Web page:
Students tap into election vibe

Teacher pleased with students' participation in democratic process

Now that the voting is over, the cabinet chosen and the prime minister sworn in, I would like to share the most exciting result of this election for me — the youth engagement.

As the teacher-librarian at École Secondaire W.L. Seaton Secondary School, I have witnessed the apathy of teens during many previous election cycles. However, as with all of Canada, this one was different.

Weeks before the Oct. 19 federal election, there was a buzz in our hallways.

Students were discussing and researching the different parties and their platforms. They were talking about our local candidates. They were taking online polls to see where they stood personally and they were having heated discussions with their peers and parents.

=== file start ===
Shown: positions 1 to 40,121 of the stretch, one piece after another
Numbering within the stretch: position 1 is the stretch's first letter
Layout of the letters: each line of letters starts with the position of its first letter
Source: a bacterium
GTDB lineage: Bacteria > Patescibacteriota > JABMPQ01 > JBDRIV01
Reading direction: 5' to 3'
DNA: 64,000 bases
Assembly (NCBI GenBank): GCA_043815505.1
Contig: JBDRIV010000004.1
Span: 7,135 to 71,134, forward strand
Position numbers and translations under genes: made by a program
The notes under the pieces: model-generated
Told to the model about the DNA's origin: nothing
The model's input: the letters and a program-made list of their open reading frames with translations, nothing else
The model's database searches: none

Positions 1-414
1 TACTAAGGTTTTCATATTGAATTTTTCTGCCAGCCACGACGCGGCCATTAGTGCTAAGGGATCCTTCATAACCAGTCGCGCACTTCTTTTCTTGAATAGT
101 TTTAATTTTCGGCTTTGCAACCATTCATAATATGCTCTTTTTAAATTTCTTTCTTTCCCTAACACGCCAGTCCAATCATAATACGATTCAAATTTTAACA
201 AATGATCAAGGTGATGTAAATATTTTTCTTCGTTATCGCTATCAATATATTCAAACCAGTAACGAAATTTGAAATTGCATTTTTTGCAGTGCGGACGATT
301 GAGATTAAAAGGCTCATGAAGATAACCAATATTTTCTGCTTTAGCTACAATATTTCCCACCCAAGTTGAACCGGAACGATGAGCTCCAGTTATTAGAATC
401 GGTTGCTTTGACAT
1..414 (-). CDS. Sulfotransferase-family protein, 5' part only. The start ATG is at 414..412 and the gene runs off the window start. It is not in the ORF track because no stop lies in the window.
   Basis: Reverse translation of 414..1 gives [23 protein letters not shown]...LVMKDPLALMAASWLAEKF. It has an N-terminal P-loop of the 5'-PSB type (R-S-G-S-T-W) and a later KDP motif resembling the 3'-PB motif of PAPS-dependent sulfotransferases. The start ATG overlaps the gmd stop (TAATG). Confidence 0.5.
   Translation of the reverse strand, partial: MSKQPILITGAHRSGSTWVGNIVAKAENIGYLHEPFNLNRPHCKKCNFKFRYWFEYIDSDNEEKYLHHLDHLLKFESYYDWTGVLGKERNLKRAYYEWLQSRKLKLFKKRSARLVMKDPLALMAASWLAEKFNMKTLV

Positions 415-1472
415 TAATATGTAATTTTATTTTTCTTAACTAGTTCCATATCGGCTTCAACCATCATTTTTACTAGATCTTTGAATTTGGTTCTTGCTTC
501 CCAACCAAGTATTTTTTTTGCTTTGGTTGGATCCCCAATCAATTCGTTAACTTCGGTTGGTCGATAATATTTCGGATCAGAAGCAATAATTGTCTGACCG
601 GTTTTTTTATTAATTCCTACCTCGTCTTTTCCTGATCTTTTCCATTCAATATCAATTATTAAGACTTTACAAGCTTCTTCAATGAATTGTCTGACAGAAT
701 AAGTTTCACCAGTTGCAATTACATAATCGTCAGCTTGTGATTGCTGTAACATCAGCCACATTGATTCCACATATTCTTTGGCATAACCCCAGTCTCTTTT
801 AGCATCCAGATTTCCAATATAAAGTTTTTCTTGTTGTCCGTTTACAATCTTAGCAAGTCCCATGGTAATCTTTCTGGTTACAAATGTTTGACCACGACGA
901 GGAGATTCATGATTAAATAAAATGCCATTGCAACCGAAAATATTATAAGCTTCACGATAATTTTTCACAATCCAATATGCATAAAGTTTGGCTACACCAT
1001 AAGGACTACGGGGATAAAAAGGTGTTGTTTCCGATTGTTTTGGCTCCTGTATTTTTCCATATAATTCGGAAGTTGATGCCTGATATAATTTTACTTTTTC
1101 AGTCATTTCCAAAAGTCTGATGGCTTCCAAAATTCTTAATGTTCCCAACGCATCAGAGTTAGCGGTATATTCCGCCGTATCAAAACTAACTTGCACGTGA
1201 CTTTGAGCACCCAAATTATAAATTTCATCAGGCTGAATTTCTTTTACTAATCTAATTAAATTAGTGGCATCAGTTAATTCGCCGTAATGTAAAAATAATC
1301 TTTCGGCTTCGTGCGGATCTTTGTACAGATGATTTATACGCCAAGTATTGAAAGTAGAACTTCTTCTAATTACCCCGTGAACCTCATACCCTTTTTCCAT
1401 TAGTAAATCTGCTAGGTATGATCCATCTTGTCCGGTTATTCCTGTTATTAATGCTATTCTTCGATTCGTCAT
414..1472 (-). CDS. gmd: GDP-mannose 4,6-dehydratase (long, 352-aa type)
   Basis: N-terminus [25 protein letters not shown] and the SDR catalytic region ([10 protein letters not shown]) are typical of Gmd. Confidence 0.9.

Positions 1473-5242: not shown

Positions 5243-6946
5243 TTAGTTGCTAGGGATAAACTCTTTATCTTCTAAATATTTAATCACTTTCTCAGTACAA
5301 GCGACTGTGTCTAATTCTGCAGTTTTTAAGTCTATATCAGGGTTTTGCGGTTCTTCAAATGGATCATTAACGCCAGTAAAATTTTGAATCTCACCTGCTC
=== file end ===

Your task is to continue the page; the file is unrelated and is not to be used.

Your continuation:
Hundreds of students voluntarily came out to watch our mock debate. Intelligent, thought-provoking questions were asked about the economy, refugees and the environment.

Students held a mock vote and during a one-hour period, almost 600 students voluntarily marked a ballot (incidentally, the results were fairly evenly split).

Oct. 20, the day after the election, was filled with discussion and continued debate. As a parent, a teacher and a Canadian, I am optimistic about our great country’s future.

I know we have passionate, informed young citizens who will actively participate in future elections and exercise their democratic right to vote.

Julia Mawhinney,

Teacher-Librarian,

W.L. Seaton Secondary School

 

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